Decommissioning a wind farm?
Something I never thought about until I saw the wind farms moving closer and closer to our home … our area.
Not a problem you think. What happens when the money runs out? The company is out of country, not just out of state, but out of the United States. I can’t even guess why our government began subsidizing these monstrosities other than money talks. And even worse, I can’t imagine why I didn’t make myself aware several years ago when I saw them going up in Indiana and get involved to stop them from getting this far.
Projects such as these wind farms may change hands multiple times and the owners may decide bankruptcy is preferable to paying for decommissioning after all profits are gone. Seems the low benefits these farms provide certainly have a high impact on our lives.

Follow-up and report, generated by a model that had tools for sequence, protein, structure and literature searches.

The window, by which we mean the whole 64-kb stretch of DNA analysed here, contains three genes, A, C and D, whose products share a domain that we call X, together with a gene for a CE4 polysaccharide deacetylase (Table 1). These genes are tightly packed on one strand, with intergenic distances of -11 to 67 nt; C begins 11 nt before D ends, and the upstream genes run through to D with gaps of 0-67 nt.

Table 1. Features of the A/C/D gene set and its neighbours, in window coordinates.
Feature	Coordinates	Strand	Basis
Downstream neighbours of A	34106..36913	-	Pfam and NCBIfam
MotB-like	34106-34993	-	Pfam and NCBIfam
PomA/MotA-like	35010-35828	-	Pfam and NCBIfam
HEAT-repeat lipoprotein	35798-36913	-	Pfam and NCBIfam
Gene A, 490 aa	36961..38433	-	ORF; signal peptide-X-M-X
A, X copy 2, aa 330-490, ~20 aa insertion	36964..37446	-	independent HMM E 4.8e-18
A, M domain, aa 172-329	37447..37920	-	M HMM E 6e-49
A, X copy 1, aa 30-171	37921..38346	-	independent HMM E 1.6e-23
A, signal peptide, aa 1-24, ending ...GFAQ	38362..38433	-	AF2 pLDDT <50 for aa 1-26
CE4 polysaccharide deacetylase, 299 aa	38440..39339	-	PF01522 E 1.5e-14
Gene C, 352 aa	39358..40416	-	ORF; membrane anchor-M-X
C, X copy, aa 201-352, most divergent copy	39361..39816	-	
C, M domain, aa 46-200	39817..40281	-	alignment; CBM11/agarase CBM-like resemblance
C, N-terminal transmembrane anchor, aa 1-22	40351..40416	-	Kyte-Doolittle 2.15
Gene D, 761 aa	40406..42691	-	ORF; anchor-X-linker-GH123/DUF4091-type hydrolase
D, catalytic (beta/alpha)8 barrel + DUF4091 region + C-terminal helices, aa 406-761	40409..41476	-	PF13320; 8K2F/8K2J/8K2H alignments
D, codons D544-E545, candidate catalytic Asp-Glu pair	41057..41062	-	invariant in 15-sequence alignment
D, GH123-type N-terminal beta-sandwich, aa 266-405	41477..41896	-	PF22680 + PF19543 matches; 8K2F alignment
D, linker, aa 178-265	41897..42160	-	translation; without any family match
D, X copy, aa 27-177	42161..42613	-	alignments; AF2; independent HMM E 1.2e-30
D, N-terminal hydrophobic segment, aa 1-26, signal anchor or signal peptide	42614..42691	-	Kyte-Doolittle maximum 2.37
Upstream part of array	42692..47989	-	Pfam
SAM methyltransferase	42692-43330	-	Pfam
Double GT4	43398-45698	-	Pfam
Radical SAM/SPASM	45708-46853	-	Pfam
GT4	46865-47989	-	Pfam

There are more than 14,000 abandoned wind turbines in the United States. Yes, they are just going up you say and I’m talking about decommissioning.
The economic life of a wind project may be shorter than you think. Project economics are driven by tax and renewable credits that are not permanent and as they do next to nothing for reducing carbon and other emissions or dependence on other fuels. Our government really has not acted responsibly by renewing any monies to them.
It doesn’t stop with the turbines. Now they want to run 10-story tall transmission lines from Van Wert County to Allen County. Read and research this.
— Mary Mox, Delphos
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